In some sense all of this theorizing just re-states the obvious: publishers should produce a good product, and charge the maximum the market will bear for it. Yet it can be used to shed light on real-world publishing dilemmas.
For example, PostMedia has erected paywalls around all of its local papers - the Vancouver Sun, Calgary Herald, Regina Leader, and so on. These papers are substitutes for one another, carrying the same national and international news stories. A person's willingness to pay for each individual newspaper is less than their willingness to pay for all PostMedia newspapers - why should I pay to read a story in the Citizen if I can get it as one of my 10 free monthly articles in the Vancouver Sun? Hence if PostMedia wants to maximize profits, it should institute a PostMedia wide paywall, rather than paper-by-paper paywalls.
The analysis also shows that there is a direct trade-off between people's willingness to pay for subscriptions, and the number of free article allowed each month. If people are allowed, say, 20 free articles each month, the willingness to pay for a monthly subscription decreases by the entire area to the left of the point marked "20" in the diagram above. The amount that can be charged for subscriptions is people's willingness to pay for the articles they could not otherwise obtain for free.
So far I have been discussing pricing strategies - the best way to charge for content - assuming that the entire publishing enterprise is viable. But what if it isn't? What if that yellow "total willingness to pay" area is less than a publishers' fixed costs of doing business?
The internet erases space. A publisher has to convince a potential subscriber that his or her paper provides more valuable content than the next best alternative anywhere else in the world. Thirty years ago the Ottawa Citizen competed with the Ottawa Sun and local television for eyeballs. Now it competes with the New York Times, the Economist, Slate, the Atlantic, the Financial Post, as well as bloggers, tweeters, and so on. For a publisher who captures a global audience, the internet is a golden opportunity, but for others?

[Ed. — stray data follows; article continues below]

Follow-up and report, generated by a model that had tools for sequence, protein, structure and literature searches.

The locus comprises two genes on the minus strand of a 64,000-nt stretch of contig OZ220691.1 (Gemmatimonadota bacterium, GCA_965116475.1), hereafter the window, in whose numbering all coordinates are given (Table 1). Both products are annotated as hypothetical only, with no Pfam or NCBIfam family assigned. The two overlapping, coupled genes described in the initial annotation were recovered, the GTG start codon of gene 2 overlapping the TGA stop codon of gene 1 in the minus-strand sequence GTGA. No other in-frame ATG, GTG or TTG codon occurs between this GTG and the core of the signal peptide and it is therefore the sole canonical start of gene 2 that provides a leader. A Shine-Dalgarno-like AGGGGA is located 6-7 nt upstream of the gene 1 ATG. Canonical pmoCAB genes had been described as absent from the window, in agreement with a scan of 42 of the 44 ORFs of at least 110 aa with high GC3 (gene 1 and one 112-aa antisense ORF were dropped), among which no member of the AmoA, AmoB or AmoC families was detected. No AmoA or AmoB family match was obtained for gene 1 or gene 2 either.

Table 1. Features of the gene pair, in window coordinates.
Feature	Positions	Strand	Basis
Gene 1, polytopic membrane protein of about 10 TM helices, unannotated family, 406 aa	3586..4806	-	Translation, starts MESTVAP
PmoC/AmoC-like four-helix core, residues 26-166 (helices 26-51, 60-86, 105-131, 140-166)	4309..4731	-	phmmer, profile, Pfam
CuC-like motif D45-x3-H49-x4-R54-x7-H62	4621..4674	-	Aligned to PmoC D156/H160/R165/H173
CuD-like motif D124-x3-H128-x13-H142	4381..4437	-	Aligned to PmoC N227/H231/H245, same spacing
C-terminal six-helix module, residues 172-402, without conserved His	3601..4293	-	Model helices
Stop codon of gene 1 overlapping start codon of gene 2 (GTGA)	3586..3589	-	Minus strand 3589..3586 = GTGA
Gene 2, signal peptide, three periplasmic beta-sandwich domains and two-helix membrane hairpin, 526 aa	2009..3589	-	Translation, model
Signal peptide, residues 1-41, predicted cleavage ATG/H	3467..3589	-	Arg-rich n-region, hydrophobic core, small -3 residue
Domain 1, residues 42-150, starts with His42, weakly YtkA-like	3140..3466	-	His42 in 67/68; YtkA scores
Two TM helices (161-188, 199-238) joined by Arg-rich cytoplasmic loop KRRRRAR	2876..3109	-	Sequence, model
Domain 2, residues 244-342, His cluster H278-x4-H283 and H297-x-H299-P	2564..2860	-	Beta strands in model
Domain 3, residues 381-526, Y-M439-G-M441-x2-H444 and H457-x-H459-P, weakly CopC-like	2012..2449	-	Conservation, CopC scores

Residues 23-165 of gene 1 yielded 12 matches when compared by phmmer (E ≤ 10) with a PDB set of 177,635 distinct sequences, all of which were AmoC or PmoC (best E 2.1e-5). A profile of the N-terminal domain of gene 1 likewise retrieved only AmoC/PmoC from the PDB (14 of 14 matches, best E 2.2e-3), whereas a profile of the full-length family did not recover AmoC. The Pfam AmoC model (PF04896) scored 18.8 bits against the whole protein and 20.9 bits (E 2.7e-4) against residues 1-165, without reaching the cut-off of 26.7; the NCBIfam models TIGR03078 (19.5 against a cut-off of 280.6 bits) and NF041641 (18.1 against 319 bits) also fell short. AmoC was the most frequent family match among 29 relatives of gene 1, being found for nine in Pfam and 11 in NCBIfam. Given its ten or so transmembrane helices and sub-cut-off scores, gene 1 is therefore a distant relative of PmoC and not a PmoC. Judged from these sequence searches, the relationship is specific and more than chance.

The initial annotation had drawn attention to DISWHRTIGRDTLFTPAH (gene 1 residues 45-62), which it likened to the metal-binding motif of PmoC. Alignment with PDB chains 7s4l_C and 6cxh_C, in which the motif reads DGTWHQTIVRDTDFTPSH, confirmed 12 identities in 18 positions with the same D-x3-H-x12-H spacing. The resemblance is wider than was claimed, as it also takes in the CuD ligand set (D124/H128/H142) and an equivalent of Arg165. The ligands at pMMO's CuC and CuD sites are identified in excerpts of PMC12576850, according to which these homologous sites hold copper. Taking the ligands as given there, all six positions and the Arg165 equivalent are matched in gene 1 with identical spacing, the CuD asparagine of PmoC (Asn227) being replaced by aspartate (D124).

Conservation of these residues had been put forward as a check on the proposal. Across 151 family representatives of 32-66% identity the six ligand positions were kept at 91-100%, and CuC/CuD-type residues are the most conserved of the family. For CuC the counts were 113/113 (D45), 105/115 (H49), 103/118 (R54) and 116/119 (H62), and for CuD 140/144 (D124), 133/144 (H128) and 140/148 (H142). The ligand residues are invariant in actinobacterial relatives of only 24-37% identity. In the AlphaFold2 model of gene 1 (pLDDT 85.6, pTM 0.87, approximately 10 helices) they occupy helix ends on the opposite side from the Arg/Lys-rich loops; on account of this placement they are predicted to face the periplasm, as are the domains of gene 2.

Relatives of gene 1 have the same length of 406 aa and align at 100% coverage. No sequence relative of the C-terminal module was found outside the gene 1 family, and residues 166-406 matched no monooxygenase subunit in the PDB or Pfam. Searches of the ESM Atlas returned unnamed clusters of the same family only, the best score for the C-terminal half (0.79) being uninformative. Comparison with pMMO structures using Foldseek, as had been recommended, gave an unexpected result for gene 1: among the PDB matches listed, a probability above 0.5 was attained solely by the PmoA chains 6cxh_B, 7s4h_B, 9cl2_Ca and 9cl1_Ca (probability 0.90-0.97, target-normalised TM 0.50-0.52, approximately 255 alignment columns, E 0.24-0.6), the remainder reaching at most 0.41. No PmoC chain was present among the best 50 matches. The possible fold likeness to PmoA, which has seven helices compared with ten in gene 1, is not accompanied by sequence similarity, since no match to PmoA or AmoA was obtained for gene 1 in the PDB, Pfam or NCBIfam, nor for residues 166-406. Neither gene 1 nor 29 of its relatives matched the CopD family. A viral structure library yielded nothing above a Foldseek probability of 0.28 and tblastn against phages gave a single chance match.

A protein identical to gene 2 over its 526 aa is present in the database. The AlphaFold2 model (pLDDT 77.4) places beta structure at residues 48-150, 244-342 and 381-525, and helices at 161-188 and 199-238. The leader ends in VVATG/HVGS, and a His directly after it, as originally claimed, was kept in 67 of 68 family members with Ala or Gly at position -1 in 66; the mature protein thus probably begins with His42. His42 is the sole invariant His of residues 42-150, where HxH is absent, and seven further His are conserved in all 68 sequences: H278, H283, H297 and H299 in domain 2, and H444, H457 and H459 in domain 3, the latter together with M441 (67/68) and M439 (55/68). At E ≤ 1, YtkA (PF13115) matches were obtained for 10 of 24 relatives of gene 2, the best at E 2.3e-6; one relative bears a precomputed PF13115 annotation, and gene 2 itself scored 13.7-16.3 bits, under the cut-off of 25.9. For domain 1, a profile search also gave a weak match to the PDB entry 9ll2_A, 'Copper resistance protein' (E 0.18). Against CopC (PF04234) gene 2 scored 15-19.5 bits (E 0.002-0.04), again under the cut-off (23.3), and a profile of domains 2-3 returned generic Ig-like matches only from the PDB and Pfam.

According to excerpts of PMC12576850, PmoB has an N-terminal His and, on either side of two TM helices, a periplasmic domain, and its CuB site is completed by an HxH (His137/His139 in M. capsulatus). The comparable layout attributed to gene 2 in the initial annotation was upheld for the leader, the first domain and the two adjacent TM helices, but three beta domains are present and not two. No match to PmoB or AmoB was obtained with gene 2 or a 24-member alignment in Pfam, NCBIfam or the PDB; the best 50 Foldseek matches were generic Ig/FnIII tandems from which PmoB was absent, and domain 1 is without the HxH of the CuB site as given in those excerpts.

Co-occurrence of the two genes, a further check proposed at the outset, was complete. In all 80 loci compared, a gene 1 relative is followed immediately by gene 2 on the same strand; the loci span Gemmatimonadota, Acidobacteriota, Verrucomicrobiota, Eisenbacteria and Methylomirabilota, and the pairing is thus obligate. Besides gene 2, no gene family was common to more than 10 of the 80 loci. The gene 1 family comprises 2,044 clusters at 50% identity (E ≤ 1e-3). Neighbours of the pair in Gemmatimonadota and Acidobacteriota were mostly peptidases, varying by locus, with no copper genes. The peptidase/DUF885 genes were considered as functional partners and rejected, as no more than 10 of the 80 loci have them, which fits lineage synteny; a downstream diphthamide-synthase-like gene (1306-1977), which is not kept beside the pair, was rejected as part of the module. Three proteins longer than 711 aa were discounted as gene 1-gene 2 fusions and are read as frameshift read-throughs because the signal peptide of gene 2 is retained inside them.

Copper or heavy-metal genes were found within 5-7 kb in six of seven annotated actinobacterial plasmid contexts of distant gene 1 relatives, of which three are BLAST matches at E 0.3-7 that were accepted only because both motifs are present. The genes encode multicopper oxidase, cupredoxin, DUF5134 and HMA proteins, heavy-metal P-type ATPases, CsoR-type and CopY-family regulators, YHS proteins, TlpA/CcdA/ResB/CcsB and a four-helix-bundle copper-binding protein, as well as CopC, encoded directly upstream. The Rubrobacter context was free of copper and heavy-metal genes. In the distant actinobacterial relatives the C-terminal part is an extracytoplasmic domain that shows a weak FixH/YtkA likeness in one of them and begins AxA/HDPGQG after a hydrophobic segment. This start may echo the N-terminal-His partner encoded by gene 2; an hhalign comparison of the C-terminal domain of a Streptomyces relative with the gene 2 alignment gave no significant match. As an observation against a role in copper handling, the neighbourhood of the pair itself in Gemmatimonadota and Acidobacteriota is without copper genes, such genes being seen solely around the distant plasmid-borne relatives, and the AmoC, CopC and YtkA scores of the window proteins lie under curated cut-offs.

Nothing succeeds like success. A newspaper with a strong base can share the cost of creating content across millions of subscribers, giving it huge advantage over its rivals - revenue generates content generates more revenue.
But what about local newspapers? Yes, new technology and the internet allow for some cost savings - managing and copy editors can be dispensed with, for example - but only so many. One view is, if newspapers can't make profits, then they had better fold, and allow resources to be deployed more efficiently.
However alert readers may have spotted that the analysis of newspapers looks a lot like the standard economic analysis of a public good. Even when people value a good, like local news, they have an incentive to free ride, to let others pay the cost of collecting and publishing information. The internet sometimes seems thousands of miles wide and just a few inches deep - all of the blogs, local web pages, and so on rely on the hard news gathered by serious journalists. The marginal cost of opinions is pretty low - everyone has one. The marginal cost of reading through omnibus bills, filing freedom of information requests, making cold phone calls, tracking people down and asking difficult questions is a lot higher. If the fourth estate fails, who will take its place?
Here are some questions on the economics of paywalls. These would be suitable for an undergraduate economics class or graduate public policy class studying public goods: Download Economics_of_paywalls_questions